JoaoAlfaiate , October 10, 2017 at 1:22 pm GMT

Russia: White and Christian, sounds like an ideal ally for the United States.

John Fitzgerald , October 10, 2017 at 1:40 pm GMT

If the Feds are going to make RT register as a foreign agent due to foreign funding, where does it stop? On the same basis, all nationally owned news outlets must be forced to register, e.g., BBC, Al Jezeera, etc. And what about nominally non-government owned news entities that a home government renders financial assistance, eg, the London Times, if it needed government loans to survive? Would it be a British foreign agent?

And what about the New York Times, which in its perilous financial state appears to be substantially supported by loans from a Mexican National, Carlos Slim who in turn must be assumed to work hand-in-hand with the Mexican government, since most of his wealth comes from Mexican government-granted franchises.

Should the New York Times be registered as a Mexican foreign agent (its news coverage and editorials regarding immigration certainly would be evidence it is acting in that capacity)?

Wade , October 10, 2017 at 2:04 pm GMT

OT If anyone wants to catch a nice laid back interview with Phil Geraldi they can do so here:

A lengthy discussion about his sacking at TAC and AIPAC is had with Ryan Dawson. Both put in nice plugs for unz.com. I was really happy to see Phil being interviewed by Ryan. I hope they do this again sometime.

I came to Unz for Steve Sailer but Geraldi is slowly becoming my favorite author here. Thanks for sticking with things Phil. You're doing great work.

Sam Shama , October 10, 2017 at 2:05 pm GMT

@Priss Factor Priss, your comments are really funny. "Clown Streicher is a 'gypsy nazi'" Is Anglin a violent fruitboy like Streicher?

SolontoCroesus , October 10, 2017 at 2:12 pm GMT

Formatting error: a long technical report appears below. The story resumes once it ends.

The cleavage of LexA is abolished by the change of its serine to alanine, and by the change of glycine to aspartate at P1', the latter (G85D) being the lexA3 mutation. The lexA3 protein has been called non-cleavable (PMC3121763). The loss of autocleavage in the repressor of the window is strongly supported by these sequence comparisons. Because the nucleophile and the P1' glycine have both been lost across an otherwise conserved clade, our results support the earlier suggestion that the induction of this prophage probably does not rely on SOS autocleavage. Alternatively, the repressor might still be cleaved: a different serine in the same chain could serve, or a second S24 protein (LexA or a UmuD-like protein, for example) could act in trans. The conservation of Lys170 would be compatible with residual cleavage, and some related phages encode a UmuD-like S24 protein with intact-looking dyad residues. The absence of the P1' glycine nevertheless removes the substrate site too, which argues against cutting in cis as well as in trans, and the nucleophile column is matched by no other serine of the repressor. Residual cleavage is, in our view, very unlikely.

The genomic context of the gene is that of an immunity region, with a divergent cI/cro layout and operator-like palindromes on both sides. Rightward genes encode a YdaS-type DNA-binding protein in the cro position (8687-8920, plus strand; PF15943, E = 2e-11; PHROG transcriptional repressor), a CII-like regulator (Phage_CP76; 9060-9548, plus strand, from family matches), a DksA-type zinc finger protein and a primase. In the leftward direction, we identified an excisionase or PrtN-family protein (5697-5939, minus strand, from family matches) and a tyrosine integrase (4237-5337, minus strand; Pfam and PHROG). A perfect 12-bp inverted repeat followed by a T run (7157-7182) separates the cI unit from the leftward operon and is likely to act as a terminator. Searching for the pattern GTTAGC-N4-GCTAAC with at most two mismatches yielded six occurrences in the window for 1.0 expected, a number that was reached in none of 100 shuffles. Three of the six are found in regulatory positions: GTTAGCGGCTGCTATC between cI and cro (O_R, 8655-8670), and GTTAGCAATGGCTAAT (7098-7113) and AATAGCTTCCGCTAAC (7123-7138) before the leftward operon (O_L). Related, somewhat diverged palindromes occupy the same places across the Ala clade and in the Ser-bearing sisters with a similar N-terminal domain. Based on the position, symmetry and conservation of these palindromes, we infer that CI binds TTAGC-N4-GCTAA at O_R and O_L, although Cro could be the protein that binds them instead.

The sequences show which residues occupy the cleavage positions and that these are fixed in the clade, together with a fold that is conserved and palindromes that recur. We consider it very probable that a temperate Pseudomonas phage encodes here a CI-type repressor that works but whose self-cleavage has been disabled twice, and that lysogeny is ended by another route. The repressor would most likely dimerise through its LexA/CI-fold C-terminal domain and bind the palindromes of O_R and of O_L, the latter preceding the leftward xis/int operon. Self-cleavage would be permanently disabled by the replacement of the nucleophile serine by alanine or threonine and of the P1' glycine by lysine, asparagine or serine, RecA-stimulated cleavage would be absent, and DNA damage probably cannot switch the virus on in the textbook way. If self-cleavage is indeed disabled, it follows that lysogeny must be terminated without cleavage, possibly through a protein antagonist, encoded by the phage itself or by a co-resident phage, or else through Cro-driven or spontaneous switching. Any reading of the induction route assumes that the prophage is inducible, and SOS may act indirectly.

@Jake

That was in keeping with the culture's source: Anglo-Saxon Puritanism. Puritans spouted Free Speech all dan and all of the night, and if you dared speak against Cromwell or the Revolution, you paid dearly.

Hypocrisy about free speech is deep in the WASP DNA.

Angles and Saxons were Germanic tribes. WASP culture is Germanic. Germanics have always seen Slavs as inferior peoples they should war against perpetually, to steal their best land and make serfs of the survivors. This obsession with screwing with Russia is simply the contemporary manifestation of that part of the problem of unrestrained Germanic culture.

What of King Arthur? How did Britain go from Arthur to Cromwell? What role Henry VIII, and Dutch banking/ Bank of England?

How did Russia go from Tolstoy to Trotsky? What role Jacob Schiff and atheist Bolshevism/Communism?

How did Germany go from Wagner to Merkel( after a brief Hitler Interruptus )? What role Rothschild, Marx/Zinoviev and Zionism?

FDR and Churchill were determined to keep organizationally strong Germany and resource-rich Russia -- Christian Russia -- from uniting; Cromwell's England and Morgenthau's USA wanted to control German skill and Russian resources; their heirs want the same today.